It’s not every day that you see a gay-themed horror film, particularly not one which is expressly ravishing and has stunning cinematography. Although there is plenty of homosexual subtext in some of the greatest horror classics, and even in the more recently produced sequels, having a slow-burning thriller which keeps you on the edge of your seat and is also centered on gay men is a rather new and lavishly entertaining addition on the big screen. This is what makes Erlingur Thoroddsen’s motion picture, Rift (Rökkur), so openhandedly brilliant and innovative.
This year’s Outfest edition has something fresh and enthralling for its viewers which could be considered a new milestone for gay cinema – a captivating and well-executed horror drama that’s explicitly focused on homosexual love. Thoroddsen is a gay filmmaker who happens to be a die-hard fan of the thriller and horror genres. Although the idea of the film was more or less experimental and the whole project was fairly limited (with an extremely low budget and a short production time), it was still picked up by several critics, as well as a few film festivals, including Outfest. Set in an eerie and secluded area in Iceland, Rift (Rökkur) deals with weighty topics like isolation, love and deception. Brimming with suspense, dark romance and the more obscure aspects of the human psyche, Thoroddsen’s film proves that you do not necessarily require a hefty budget and a large crew to create a masterpiece – as long as you have a great story to tell.
After receiving a bizarre and troubling phone call from his former lover, Gunnar (Björn Stefánsson) leaves his home and drives up to a cabin in the middle of nowhere named Rökkur. There he expects to find his distressed ex-boyfrined, Einar (Sigurður Þór Óskarsson), but instead he also finds a peculiar stranger who is lurking outside of the cabin. Although Einar is an alcoholic who is abusive and can’t manage his anger properly, Gunnar still enters the cabin to make sure that his former partner has not done anything to hurt himself. This endeavour leads Gunnar down the rabbit hole of uncertainty, confusion and life-threatening crisis as the two bygone lovers attempt to reconcile their broken relationship. Óskarsson and Stefánsson’s performances are remarkably complementary, sharp and quite impressive overall, given the film’s modest budget. The two actors have incredible chemistry on screen and are always in sync with the tone of the movie and its bleak, ghastly landscape.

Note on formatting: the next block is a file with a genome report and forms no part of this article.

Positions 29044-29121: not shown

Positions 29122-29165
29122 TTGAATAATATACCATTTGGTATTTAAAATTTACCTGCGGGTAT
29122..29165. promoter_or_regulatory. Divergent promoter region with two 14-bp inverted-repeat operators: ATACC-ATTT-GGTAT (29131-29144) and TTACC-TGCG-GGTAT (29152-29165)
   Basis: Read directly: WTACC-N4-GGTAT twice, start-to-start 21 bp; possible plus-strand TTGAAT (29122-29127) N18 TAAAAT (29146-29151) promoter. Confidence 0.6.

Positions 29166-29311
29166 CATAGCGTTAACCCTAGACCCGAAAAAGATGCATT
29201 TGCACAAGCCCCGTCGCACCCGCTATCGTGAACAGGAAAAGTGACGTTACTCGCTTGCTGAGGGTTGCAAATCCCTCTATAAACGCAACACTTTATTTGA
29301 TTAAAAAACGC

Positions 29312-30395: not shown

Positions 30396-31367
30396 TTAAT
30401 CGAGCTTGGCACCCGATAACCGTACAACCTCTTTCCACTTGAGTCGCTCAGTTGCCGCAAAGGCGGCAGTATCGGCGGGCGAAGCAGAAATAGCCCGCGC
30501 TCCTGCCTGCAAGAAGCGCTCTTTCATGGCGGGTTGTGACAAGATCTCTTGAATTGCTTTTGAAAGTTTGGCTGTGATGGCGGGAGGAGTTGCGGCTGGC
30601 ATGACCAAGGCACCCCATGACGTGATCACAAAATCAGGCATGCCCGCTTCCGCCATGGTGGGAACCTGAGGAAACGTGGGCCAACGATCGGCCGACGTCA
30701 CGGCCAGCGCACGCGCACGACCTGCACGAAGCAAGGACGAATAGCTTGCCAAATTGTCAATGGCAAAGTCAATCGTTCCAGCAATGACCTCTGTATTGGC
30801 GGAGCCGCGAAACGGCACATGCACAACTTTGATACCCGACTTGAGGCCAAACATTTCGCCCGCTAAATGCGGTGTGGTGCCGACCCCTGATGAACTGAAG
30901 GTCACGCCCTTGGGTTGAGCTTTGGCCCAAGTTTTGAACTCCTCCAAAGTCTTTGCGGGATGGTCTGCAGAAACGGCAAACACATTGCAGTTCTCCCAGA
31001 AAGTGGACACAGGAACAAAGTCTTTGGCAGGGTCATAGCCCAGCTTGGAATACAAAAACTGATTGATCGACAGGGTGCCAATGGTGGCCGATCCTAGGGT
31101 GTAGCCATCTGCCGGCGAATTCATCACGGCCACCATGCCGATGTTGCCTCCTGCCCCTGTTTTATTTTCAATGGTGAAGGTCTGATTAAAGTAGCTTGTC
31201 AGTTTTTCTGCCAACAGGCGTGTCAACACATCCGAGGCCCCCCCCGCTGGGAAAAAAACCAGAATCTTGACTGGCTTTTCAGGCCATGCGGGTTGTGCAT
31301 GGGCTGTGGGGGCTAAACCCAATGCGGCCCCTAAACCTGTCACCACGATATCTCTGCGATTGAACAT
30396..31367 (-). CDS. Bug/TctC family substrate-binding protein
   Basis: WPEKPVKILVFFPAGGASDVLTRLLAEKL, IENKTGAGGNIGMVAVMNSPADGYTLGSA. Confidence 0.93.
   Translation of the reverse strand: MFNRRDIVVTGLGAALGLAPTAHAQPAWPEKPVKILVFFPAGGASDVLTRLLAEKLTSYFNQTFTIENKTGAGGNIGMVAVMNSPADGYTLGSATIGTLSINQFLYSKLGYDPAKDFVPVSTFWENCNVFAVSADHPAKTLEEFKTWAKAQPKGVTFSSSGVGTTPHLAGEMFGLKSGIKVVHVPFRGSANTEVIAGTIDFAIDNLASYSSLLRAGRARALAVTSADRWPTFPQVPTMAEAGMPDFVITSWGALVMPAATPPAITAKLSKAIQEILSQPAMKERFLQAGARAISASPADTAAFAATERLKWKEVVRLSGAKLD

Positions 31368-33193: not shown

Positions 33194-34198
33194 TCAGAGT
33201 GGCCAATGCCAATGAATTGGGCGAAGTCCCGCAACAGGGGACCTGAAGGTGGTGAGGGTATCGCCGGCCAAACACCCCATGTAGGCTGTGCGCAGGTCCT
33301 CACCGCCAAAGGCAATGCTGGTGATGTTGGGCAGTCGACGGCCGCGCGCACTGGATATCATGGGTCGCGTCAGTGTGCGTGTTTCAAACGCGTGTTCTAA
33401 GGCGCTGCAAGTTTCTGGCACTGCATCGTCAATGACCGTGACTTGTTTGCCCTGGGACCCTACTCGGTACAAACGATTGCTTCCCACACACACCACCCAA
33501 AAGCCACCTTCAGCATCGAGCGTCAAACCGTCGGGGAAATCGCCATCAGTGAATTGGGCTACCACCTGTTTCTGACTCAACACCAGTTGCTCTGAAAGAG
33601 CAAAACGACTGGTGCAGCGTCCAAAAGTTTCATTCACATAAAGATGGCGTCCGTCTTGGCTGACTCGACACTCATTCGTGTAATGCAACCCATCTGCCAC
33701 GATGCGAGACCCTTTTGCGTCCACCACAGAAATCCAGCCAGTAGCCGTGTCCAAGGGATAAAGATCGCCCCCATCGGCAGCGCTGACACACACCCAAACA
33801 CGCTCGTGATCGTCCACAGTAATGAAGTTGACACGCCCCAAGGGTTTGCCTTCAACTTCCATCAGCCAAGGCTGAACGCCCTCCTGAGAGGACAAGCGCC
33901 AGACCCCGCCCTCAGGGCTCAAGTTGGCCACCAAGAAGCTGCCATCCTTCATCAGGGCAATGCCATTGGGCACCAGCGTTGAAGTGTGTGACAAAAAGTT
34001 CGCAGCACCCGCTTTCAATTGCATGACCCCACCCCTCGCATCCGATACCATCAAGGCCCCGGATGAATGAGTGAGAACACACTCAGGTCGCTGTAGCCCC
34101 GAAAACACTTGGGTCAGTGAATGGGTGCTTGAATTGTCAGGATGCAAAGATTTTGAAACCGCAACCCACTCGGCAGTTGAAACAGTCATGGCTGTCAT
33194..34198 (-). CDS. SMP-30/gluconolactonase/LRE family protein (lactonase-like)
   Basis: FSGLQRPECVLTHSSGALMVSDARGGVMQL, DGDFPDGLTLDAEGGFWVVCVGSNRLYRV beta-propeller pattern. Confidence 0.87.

One of the most original and intriguing aspects of Thoroddsen’s film is that it uses gay characters but doesn’t focus at all on societal issues or homosexuality as a theme. Instead, it is apparent from the movie’s premise that Rift is not so much about bringing LGBTQ individuals and concerns in the spotlight, but rather about successfully integrating queer characters in some of our most beloved and widely-known film genres. To this end, Thoroddsen incorporates a variety of elements pertaining to different genres – from the complexity of human relationships to the usual horror film tropes and the suspenseful atmosphere with Hitchcockian subtleties that is the backbone of many strong thrillers. All of these nuances are cleverly mixed together in the context of a controversial, dark romance between our two beloved gay protagonists who keep revisiting the old issues of their relationship in an attempt to make peace with the unresolved aspects of their past.
The film is rather open-ended and has a certain vagueness to it which is pervasive all throughout the plot development. Although this type of mystery can add more depth and suspense to a movie, its overuse by Thoroddsen does seem to lead to thwarting inconclusiveness. Nonetheless, Rift (Rökkur) is truly unique both through its storyline and its approach to gay cinema, engrossing the viewer in an intense and overwhelmingly heart-stirring experience. Its crisp cinematography, choice of landscape and gripping performances make it one of Outfest’s most inviting entries this year and a memorable addition to the cultural definitions of horror film.
Read our interview with Erlingur Thoroddsen